This page helps you understand and resolve error messages written to
stderr or your logs.
|Import key collision||
|SQL memory budget exceeded||
This message indicates a client is trying to connect to a node that is either not running or is not listening on the specified interfaces (i.e., hostname or port).
To resolve this issue, do one of the following:
- If the node hasn't yet been started, start the node.
- If you specified a
--advertise-addrflag when starting the node, you must include the specified IP address/hostname and port with all other
cockroachcommands or change the
If you're not sure what the IP address/hostname and port values might have been, you can look in the node's logs.
If necessary, you can also shut down and then restart the node:
$ cockroach start [flags]
node is running secure mode, SSL connection required
This message indicates that the cluster is using TLS encryption to protect network communication, and the client is trying to open a connection without using the required TLS certificates.
To resolve this issue, use the
cockroach cert create-client command to generate a client certificate and key for the user trying to connect. For a secure deployment tutorial, including generating security certificates and connecting clients, see Manual Deployment.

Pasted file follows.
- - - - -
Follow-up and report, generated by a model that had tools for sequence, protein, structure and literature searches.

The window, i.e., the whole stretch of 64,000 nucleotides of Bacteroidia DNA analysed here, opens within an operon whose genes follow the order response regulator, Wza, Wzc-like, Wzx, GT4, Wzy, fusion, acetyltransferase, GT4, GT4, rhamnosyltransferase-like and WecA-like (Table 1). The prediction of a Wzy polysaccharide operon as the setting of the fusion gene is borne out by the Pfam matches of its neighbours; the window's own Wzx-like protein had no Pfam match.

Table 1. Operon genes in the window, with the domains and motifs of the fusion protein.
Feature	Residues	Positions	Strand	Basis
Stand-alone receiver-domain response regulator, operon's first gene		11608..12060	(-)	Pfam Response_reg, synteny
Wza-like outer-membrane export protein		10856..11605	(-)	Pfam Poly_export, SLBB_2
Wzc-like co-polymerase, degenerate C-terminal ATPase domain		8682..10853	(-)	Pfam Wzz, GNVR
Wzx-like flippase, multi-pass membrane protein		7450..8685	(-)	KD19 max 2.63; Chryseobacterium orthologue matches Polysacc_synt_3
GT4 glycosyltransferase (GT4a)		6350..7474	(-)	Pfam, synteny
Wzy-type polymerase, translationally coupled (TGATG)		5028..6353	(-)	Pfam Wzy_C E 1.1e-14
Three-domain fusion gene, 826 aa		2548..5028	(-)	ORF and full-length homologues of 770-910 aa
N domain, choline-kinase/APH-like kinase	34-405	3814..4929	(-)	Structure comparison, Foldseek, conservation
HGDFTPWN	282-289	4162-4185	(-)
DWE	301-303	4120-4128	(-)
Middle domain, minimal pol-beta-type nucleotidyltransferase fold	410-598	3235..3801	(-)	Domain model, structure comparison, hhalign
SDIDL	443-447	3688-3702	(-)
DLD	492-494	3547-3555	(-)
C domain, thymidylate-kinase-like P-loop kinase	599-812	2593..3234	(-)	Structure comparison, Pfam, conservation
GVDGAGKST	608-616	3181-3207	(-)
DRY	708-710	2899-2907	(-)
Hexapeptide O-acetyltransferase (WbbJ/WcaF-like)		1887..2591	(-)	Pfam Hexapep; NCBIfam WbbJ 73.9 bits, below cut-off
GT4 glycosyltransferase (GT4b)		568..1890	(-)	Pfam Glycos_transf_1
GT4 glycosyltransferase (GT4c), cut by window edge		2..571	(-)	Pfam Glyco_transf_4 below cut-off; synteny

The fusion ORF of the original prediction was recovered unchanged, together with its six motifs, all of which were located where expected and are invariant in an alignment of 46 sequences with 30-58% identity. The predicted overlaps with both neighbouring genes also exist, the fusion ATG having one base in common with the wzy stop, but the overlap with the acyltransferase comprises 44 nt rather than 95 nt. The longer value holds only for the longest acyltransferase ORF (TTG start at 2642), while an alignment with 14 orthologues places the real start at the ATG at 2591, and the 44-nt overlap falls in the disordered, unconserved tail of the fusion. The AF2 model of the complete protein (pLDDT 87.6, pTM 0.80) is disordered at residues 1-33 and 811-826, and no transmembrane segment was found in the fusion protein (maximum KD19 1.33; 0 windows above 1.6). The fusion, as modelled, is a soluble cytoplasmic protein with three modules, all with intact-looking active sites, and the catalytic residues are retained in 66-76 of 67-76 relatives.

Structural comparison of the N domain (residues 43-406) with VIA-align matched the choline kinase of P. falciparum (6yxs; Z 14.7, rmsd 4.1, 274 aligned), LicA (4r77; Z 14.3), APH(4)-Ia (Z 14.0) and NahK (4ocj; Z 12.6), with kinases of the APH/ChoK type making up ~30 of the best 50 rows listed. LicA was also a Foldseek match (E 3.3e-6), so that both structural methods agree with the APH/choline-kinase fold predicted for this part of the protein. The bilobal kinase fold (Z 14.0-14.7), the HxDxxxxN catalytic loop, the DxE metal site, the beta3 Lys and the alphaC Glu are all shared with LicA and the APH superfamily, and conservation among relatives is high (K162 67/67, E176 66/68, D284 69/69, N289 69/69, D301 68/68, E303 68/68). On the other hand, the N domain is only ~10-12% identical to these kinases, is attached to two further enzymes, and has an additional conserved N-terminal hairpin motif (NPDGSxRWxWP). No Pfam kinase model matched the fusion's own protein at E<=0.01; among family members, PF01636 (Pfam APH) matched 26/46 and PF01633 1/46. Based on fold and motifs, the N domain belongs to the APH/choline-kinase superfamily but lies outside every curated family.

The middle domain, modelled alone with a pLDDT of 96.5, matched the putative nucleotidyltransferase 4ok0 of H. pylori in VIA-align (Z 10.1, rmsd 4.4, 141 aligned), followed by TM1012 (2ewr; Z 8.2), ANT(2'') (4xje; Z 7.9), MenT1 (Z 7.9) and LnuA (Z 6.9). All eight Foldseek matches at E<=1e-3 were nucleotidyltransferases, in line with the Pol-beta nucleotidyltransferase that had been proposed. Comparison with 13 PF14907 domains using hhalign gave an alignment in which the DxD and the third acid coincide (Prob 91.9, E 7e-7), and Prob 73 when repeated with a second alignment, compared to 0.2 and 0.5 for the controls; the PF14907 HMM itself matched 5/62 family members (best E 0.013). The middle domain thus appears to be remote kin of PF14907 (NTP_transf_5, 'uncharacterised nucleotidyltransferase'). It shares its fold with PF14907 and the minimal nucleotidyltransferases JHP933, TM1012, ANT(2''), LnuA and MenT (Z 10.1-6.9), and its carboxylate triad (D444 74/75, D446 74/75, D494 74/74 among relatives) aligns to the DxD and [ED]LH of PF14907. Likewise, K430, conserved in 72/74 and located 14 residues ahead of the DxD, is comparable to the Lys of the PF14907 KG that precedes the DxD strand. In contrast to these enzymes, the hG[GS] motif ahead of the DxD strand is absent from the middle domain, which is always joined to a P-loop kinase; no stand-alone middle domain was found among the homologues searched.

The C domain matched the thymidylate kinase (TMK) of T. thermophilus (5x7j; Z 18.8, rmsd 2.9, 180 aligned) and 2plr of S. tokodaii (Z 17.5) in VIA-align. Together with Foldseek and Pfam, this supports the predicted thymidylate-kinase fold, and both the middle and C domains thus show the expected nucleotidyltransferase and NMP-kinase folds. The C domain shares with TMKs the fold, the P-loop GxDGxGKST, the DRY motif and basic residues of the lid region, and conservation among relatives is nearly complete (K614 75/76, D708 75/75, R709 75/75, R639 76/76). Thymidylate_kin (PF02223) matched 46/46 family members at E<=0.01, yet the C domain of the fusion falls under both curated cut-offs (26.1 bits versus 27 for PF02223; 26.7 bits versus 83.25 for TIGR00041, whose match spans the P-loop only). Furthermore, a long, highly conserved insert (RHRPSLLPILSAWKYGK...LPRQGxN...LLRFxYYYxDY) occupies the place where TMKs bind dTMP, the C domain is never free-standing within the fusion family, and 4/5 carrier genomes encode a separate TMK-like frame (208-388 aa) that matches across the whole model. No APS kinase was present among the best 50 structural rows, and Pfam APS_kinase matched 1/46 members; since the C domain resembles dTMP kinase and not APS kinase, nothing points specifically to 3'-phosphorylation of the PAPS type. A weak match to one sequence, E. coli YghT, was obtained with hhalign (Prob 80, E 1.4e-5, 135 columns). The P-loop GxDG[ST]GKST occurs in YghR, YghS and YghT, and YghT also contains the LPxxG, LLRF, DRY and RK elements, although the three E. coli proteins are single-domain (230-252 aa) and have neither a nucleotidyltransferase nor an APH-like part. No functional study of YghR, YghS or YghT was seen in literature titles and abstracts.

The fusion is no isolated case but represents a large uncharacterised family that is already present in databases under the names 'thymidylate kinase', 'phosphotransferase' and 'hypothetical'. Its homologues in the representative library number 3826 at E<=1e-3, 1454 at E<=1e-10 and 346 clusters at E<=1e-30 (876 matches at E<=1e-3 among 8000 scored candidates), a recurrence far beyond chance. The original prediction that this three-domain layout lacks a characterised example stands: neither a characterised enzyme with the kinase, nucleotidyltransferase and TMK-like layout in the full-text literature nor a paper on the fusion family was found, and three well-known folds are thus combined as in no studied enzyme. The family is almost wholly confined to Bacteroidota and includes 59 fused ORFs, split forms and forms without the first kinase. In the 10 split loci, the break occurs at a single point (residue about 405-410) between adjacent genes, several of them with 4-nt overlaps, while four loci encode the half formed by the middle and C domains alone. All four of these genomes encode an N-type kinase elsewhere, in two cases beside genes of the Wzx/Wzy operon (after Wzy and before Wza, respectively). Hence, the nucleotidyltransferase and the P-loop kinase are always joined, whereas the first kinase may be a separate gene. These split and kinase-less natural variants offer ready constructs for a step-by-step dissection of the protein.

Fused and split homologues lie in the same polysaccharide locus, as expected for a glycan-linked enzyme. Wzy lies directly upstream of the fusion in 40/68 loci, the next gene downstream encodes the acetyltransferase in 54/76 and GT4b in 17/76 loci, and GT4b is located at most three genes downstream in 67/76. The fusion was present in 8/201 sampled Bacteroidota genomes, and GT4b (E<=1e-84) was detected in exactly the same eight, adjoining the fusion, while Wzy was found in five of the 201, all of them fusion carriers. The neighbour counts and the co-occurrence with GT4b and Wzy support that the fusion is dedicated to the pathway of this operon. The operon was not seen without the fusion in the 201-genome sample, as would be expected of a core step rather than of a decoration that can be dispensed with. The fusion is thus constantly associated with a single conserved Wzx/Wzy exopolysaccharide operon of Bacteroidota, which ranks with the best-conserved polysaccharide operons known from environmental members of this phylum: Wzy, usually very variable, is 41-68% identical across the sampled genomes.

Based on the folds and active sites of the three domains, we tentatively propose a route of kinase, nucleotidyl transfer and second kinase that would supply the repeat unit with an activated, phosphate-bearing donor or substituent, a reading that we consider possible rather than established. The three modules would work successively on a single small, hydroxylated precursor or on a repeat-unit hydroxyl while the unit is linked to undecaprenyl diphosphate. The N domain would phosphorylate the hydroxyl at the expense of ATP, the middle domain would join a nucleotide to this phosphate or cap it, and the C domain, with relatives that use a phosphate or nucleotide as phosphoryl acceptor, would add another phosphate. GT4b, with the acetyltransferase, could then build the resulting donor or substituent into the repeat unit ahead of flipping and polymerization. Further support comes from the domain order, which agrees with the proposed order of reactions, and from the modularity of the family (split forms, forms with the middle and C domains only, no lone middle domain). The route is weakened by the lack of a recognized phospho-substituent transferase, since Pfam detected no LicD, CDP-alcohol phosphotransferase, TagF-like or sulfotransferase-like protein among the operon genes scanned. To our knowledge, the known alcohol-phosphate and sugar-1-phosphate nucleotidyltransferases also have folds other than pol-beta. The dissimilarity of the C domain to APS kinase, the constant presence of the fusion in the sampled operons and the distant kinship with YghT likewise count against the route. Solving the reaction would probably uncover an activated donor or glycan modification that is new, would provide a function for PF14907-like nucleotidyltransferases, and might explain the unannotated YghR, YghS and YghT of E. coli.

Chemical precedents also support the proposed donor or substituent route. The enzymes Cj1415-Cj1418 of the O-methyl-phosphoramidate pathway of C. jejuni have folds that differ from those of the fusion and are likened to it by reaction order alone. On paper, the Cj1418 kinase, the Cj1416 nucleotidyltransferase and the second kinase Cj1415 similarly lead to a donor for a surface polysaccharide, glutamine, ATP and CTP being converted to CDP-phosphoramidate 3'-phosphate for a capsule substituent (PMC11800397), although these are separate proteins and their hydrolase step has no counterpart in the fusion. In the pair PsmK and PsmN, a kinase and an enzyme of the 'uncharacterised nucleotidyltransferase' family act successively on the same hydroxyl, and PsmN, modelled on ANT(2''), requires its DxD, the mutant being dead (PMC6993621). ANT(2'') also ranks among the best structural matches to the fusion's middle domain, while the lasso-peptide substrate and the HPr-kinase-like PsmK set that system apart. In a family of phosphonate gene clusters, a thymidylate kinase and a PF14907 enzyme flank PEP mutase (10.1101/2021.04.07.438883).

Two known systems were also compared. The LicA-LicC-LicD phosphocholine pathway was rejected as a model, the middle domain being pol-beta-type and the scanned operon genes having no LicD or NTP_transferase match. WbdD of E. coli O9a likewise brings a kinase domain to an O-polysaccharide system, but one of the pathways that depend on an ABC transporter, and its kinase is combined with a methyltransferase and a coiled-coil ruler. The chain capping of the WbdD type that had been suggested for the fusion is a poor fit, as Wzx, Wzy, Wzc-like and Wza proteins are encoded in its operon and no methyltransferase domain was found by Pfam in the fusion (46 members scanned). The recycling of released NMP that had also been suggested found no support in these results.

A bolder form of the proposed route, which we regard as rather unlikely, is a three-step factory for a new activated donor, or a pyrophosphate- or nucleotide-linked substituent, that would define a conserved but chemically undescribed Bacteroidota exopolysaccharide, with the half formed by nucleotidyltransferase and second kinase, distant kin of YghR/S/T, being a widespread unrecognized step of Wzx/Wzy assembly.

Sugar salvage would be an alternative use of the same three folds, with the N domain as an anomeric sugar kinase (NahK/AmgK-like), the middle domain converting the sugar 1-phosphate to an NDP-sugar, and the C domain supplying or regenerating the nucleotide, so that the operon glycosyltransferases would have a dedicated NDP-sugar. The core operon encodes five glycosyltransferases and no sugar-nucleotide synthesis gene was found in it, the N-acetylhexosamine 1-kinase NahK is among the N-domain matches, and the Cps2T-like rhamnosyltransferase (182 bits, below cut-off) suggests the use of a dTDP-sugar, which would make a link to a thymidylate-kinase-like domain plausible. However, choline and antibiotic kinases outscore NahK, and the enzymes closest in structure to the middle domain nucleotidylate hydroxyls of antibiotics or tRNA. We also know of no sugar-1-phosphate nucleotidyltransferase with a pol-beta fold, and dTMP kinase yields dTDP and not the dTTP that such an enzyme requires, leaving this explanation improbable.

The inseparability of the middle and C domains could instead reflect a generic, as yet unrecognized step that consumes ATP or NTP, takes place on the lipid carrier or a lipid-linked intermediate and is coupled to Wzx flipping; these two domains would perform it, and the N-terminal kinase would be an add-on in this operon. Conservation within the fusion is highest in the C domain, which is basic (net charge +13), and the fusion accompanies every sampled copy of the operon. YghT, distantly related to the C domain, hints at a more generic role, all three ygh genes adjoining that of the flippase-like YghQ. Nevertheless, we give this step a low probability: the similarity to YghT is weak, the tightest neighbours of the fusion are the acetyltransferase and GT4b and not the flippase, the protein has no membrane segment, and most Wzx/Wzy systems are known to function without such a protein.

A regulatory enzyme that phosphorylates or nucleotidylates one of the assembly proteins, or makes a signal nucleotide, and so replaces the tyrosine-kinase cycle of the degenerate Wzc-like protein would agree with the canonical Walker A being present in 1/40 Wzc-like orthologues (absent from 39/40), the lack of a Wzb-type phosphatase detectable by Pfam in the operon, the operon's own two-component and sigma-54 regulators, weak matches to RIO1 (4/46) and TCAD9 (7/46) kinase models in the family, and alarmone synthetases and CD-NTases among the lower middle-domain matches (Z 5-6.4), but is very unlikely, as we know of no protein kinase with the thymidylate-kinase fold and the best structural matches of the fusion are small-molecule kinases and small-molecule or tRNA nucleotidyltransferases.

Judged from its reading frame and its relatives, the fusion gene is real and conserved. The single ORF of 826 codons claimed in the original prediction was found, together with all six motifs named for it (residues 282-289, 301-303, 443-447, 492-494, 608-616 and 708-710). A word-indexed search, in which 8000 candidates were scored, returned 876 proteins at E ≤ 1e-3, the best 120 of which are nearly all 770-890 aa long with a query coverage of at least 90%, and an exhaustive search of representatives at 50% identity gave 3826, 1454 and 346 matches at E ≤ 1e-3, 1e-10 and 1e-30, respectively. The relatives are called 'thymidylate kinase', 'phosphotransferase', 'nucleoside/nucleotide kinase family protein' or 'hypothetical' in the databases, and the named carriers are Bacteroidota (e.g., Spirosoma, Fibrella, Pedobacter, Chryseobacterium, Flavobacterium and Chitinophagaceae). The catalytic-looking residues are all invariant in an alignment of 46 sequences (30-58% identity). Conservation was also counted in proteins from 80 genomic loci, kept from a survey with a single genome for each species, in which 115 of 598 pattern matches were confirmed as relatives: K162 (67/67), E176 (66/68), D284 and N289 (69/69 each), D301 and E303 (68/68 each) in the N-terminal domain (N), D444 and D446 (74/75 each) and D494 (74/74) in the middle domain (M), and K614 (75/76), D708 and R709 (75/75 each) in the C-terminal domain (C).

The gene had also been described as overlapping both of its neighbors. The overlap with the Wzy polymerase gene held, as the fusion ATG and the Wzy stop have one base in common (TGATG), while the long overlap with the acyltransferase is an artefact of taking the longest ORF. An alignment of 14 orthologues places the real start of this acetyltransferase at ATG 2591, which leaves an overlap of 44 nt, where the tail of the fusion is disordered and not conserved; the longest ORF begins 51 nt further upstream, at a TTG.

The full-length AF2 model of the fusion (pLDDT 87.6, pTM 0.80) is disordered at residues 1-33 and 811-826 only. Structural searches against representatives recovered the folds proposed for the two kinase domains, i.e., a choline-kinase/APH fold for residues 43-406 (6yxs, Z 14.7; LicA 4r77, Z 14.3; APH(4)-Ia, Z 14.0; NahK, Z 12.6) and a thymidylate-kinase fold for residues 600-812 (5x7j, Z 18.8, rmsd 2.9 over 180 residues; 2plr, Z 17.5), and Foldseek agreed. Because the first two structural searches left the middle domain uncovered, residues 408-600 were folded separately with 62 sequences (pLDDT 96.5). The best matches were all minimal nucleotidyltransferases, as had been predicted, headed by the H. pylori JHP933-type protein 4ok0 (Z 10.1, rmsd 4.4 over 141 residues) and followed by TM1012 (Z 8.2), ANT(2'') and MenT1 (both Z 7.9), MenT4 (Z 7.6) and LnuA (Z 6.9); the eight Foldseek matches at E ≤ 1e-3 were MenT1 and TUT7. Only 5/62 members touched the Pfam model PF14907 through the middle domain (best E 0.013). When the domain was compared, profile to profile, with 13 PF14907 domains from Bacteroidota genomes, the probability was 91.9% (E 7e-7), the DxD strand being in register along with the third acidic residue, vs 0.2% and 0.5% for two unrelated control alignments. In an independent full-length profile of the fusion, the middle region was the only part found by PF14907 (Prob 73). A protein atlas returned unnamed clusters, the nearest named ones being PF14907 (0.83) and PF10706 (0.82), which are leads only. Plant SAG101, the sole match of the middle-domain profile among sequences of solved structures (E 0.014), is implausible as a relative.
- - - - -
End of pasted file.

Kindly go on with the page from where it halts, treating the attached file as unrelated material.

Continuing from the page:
Messages with the error code
40001 and the string
restart transaction are known as transaction retry errors. These indicate that a transaction failed due to contention with another concurrent or recent transaction attempting to write to the same data. The transaction needs to be retried by the client.
In most cases, the correct actions to take when encountering transaction retry errors are:
Take steps to minimize transaction retry errors in the first place. This means reducing transaction contention overall, and increasing the likelihood that CockroachDB can automatically retry a failed transaction.
node belongs to cluster <cluster ID> but is attempting to connect to a gossip network for cluster <another cluster ID>
This message usually indicates that a node tried to connect to a cluster, but the node is already a member of a different cluster. This is determined by metadata in the node's data directory. To resolve this issue, do one of the following: